Professor David Gill will discuss the work of John Disney in the lecture “The Wonderful World of Disney: Collecting Classical Antiquity”, at the University Campus Suffolk (Waterfront Building, Ipswich), on May14, 2013.
The memorable exclamation ‘Yes, wonderful things’ was uttered by Howard Carter when he peered into the tomb of Tutankhamun. The origins of modern academic archaeology in the British Isles can be traced to Dr John Disney (1779-1857). In 1850 he donated his ‘valuable collection of ancient marbles and statuary’ to the University of Cambridge for display in the Fitzwilliam Museum. The following year he offered endowments to establish the Disney Professorship of Archaeology. The gift and benefaction allow the exploration of two key themes, firstly, the formation of classical collections in the 18th and 19th centuries; and, secondly, the creation of an academic discipline that would emerge out of antiquarianism. Disney, whose family came from Lincolnshire, lived at The Hyde, near Ingatestone, Essex. The collection was formed by the republicans, Thomas Hollis and Thomas Brand Hollis. Disney also contributed to the transformation of archaeological studies in East Anglia. He was the first President of the Essex Archaeological Society and he helped to create the Chelmsford and Essex Museum.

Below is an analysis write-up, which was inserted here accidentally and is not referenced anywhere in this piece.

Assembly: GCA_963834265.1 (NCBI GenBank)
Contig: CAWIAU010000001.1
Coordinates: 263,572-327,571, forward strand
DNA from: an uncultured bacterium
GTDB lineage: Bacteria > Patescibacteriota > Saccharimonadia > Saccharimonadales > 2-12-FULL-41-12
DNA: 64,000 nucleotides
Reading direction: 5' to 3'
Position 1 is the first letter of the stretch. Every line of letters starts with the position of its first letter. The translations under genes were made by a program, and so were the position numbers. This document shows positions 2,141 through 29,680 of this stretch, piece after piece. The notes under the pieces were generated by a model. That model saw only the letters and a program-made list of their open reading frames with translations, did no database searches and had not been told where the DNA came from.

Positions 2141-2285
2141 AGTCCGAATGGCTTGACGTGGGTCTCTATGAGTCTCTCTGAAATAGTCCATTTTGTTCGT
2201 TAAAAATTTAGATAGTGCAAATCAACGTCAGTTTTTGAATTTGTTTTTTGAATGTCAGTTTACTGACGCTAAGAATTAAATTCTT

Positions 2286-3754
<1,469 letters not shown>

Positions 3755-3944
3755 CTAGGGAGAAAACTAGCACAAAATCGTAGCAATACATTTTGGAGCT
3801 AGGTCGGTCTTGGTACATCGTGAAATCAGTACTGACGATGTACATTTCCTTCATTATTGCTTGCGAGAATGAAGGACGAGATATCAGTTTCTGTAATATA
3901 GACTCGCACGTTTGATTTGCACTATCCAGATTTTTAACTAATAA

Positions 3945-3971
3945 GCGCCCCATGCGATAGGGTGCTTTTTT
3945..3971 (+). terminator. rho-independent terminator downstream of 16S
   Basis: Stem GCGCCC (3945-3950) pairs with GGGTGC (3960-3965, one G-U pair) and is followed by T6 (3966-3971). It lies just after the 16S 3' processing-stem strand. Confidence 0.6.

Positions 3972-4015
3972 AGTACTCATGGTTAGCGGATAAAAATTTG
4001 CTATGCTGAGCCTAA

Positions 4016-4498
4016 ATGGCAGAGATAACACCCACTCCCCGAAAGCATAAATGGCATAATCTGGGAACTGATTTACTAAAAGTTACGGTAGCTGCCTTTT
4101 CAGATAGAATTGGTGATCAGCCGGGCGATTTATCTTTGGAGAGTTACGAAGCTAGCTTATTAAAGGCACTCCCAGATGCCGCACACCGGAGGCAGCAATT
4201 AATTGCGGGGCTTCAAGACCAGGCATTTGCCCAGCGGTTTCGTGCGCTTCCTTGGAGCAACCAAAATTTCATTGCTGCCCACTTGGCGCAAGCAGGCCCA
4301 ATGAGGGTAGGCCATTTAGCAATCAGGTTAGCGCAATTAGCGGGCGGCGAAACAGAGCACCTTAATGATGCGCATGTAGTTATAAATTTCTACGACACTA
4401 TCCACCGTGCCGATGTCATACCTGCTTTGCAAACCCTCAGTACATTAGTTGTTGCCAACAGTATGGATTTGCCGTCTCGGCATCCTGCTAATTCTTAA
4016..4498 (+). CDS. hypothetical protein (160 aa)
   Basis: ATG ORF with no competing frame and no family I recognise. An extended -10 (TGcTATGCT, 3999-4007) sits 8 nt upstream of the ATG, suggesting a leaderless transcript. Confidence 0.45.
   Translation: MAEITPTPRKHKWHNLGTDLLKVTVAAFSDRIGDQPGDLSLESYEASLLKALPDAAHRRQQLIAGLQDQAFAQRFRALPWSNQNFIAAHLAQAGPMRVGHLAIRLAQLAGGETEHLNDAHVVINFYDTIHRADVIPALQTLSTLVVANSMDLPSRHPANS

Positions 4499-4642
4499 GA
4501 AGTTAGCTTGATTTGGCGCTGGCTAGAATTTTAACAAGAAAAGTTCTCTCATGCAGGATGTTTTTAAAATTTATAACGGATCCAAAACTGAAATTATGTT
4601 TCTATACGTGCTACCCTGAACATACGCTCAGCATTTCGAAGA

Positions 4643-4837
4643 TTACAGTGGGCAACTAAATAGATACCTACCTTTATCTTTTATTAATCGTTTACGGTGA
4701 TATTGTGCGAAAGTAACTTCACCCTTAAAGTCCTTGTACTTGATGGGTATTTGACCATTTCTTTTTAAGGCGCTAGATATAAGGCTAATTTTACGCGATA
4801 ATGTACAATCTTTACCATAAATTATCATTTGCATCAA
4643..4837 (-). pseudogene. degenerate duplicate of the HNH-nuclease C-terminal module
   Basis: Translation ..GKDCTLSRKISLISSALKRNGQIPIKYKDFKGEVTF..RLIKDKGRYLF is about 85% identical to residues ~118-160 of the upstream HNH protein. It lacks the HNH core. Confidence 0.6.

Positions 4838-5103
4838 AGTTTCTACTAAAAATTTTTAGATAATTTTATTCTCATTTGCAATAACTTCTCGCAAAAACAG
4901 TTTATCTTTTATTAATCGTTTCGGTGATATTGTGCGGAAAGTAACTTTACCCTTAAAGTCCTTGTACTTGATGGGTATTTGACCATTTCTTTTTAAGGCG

David Gill is Professor of Archaeological Heritage and Head of the Division of Humanities at UCS. He was educated at Newcastl University and Lincoln College, Oxford, where he was awarded a DPhil in classical archaeology. He was a Rome Scholar at the British School at Rome, a Sir James Knott Fellow at Newcastle University, a member of the Department of Antiquities at the Fitzwilliam Museum, and Reader in Mediterranean Archaeology at Swansea University. David was awarded the Archaeological Institute of America’s Outstanding Public Service Award in 2012 in recognition of his research on cultural heritage. His ‘Sifting the Soil of Greece’ (2011) was published to coincide with the125th anniversary of the British School at Athens.
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